Pecan Street Project: EV Charging Not Likely to Stress Grid

4 years ago by Surdas Mohit 16

Pecan Street Project - Photo Courtesy Pecan Street Inc.

Pecan Street Project – Photo Courtesy Pecan Street Inc.

We’ve all heard this claim before: “If EVs ever go mainstream, say bye-bye to the power grid when everyone plugs in after work!!!!”

One of the first studies to test this hypothesis concludes that … well, no, that’s not very likely to happen.

The Pecan Street Research Institute conducted a trial over the summer in Austin, Texas – in an area with one the highest densities of EVs in the country. They randomly selected 30 homes, half of which were also participating in a trial on time-of-use (TOU) pricing.

As you can see in the image below, some previous models had suggested that a sudden spike would occur at the end of the workday, which is a time of high electricity demand on hot summer days. The results of the trial tell a very different story: charging is much more spread out throughout the day, with the peak occurring late at night – when demand is lowest.

While this may not come as much of a surprise to EV owners (raise your hand if you always charge for exactly 3 hours at exactly 5 pm), it is helpful in giving system operators an idea of what to expect as EV ownership ramps up.

A few of the specific conclusions of the report bear repeating:

  • For the TOU group, charging during peak hours (3-7 pm) was even lower: about 22%
  • For the TOU group, telematics systems such as Nissan’s CarWings played an important role in time-shifting their usage.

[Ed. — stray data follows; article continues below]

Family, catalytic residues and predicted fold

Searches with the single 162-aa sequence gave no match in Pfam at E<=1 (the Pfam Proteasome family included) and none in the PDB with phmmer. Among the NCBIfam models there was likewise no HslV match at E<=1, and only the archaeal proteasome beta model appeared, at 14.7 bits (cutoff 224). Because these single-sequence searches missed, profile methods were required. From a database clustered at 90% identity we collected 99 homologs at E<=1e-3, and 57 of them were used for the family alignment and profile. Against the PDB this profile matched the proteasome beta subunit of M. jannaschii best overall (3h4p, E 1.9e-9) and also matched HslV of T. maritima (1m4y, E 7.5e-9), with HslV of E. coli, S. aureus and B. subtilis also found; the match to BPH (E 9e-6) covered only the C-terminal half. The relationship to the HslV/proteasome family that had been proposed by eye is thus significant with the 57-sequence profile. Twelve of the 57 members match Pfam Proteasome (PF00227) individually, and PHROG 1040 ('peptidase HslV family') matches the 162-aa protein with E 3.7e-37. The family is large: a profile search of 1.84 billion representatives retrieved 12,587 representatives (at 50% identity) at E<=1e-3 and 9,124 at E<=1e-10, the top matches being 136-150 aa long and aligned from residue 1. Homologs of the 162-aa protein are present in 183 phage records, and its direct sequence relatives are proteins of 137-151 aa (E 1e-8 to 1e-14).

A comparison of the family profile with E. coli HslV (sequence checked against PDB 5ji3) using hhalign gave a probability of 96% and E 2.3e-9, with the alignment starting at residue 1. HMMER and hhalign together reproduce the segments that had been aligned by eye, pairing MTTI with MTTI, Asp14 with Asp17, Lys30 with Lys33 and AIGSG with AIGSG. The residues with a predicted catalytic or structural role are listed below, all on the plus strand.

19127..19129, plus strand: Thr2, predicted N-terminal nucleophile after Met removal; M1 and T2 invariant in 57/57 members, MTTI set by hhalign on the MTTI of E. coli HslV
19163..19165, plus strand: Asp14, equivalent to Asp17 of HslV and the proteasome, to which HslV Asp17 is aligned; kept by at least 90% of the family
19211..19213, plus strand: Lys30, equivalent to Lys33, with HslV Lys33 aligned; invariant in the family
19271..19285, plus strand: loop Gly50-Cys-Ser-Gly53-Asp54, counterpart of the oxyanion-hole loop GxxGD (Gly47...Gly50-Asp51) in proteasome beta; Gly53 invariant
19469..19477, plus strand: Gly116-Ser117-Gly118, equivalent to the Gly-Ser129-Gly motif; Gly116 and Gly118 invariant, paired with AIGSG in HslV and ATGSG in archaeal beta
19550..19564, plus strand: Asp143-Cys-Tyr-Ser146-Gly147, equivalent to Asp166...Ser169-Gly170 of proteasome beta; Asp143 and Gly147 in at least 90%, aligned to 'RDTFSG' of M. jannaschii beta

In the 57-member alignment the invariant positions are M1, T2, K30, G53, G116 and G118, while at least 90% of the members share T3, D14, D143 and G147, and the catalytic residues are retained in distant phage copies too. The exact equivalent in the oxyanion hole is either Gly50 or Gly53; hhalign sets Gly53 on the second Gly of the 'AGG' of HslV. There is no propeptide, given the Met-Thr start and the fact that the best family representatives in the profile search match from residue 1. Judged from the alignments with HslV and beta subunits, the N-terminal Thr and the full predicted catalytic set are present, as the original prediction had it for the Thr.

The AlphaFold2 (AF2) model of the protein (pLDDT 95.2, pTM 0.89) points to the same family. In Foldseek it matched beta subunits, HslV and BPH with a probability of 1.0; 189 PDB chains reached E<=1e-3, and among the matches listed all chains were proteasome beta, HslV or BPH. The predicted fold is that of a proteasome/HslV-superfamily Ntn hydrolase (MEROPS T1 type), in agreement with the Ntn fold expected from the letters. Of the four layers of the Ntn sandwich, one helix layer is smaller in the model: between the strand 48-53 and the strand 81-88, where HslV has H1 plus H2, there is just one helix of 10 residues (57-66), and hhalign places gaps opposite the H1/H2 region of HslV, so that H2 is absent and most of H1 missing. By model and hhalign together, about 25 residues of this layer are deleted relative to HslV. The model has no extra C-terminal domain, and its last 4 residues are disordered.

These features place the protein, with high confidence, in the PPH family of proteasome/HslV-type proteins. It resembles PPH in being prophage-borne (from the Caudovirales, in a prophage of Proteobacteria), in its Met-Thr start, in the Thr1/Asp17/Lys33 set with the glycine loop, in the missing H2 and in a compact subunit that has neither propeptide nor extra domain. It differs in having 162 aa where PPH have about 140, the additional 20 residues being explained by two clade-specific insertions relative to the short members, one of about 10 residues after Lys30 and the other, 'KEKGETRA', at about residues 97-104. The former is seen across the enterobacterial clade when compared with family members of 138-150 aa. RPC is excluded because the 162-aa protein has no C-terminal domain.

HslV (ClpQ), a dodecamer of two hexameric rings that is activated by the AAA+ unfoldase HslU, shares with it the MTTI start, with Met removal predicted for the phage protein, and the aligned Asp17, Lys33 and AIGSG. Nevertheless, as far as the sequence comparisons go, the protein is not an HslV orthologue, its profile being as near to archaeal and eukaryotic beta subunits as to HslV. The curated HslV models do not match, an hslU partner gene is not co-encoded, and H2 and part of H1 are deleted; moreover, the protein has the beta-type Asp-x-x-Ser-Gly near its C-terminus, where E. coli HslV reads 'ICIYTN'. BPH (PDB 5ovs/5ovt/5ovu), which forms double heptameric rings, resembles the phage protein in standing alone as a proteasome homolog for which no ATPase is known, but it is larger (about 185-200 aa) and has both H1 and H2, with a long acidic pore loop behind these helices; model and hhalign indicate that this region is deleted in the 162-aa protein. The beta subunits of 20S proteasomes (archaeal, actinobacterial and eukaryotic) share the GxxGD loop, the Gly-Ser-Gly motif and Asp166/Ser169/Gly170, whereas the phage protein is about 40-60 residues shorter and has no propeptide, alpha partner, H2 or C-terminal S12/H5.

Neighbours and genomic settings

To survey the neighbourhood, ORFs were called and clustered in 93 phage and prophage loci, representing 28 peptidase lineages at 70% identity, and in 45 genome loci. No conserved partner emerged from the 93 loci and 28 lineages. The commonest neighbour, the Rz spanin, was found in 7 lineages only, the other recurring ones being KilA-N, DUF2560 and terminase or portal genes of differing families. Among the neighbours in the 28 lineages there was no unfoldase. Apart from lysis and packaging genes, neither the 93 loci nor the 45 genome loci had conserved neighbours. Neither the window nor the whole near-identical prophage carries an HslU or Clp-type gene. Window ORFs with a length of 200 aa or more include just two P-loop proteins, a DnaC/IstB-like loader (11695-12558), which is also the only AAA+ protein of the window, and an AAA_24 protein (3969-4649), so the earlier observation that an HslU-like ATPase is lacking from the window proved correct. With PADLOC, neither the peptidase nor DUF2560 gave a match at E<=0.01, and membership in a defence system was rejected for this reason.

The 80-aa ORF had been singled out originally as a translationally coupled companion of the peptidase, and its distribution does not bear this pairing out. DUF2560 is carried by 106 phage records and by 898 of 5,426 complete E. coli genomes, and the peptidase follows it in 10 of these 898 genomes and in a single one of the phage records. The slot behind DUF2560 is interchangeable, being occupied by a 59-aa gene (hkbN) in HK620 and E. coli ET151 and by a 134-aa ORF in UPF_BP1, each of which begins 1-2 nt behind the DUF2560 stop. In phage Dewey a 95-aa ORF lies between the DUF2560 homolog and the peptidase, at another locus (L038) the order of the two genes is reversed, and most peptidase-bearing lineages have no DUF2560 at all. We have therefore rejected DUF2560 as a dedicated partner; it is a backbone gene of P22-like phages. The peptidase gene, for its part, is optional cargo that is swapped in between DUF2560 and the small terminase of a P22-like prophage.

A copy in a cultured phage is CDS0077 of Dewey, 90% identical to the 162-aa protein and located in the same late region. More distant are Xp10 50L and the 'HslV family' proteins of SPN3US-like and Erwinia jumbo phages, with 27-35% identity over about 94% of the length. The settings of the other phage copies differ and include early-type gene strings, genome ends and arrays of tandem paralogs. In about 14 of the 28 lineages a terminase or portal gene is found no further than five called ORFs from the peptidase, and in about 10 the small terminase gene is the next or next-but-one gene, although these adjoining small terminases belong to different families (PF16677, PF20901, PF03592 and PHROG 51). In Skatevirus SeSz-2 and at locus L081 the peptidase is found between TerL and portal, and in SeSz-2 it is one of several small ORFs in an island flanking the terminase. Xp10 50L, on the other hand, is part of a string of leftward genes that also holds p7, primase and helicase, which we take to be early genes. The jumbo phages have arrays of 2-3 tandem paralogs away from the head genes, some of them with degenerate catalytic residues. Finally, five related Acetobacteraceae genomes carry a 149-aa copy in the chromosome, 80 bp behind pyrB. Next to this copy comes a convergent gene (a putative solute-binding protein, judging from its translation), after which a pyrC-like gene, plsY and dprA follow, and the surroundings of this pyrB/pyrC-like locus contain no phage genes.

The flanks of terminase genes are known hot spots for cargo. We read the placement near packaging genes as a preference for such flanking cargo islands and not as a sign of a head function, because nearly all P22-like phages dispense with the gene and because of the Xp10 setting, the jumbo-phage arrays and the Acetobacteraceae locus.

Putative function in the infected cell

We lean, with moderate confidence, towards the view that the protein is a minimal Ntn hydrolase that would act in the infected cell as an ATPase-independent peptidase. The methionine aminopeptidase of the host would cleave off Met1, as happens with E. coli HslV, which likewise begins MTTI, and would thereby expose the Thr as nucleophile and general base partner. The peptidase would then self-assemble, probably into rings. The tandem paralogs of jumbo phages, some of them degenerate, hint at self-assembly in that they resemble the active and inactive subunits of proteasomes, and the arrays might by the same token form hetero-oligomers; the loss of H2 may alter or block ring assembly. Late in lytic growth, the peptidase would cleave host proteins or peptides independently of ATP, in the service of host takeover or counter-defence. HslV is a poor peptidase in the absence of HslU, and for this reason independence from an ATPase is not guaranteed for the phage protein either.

• The average weekday charging time was just under 2 hours, corresponding to about 20 miles of driving.

So, EVs are not the enemies of the power grid and, with TOU pricing, can even help to fill in the nighttime lull in electricity demand.

Source: Pecan Street Research Institute

Tags: , , , , , , , ,

16 responses to "Pecan Street Project: EV Charging Not Likely to Stress Grid"

  1. Suprise Cat says:

    The study is is worthless, because they had chosen only people with slow charging EVs. For example, the Renault Zoe can be charged even at home with 22 kW, which means the entire charging will not be stretched through the night, it will be completed right inside the peak hours, if no delay timer is used.

    1. Jesse Gurr says:

      Did you miss that there is a Tesla there that can charge up to 20kW? Sure the Volts and Leafs that are there usually have the 3.3kW charger. But i think the study is pretty good anyway.

      1. Suprise Cat says:

        _one_ Model S and no word about what charing station he had used, maybe just the standard 110 V EVSE?

        This is not representative for future EVs.

        1. Jesse Gurr says:

          Then I guess you missed the Southern California Edison electric car study from 2 months ago. SCE territory is where 12,000 plug in vehicles reside. They found that about half of all plug in owners charged with the 120V cable. That is a much bigger sample than this little city study. And they found that most people charged during off-peak hours at night.
          Even if they all used level 2, they won’t all start charging at the exact same time. So i think you are worrying too much. And the people in this city study only charged for 3 hours at most, so they didn’t go very far.

          http://newsroom.edison.com/internal_redirect/cms.ipressroom.com.s3.amazonaws.com/166/files/20136/SCE-EVWhitePaper2013.pdf

    2. Justin W. says:

      You also missed the point about Time of Use rates. A lot of people will chose to charge at off-peak times because the cost of electricity changes dramatically. On a flat rate I would charge as soon as I got home. On the TOU rate I only charge late at night. I’d rather spend $.10/kWh than $.39/kWh. Most people feel the same.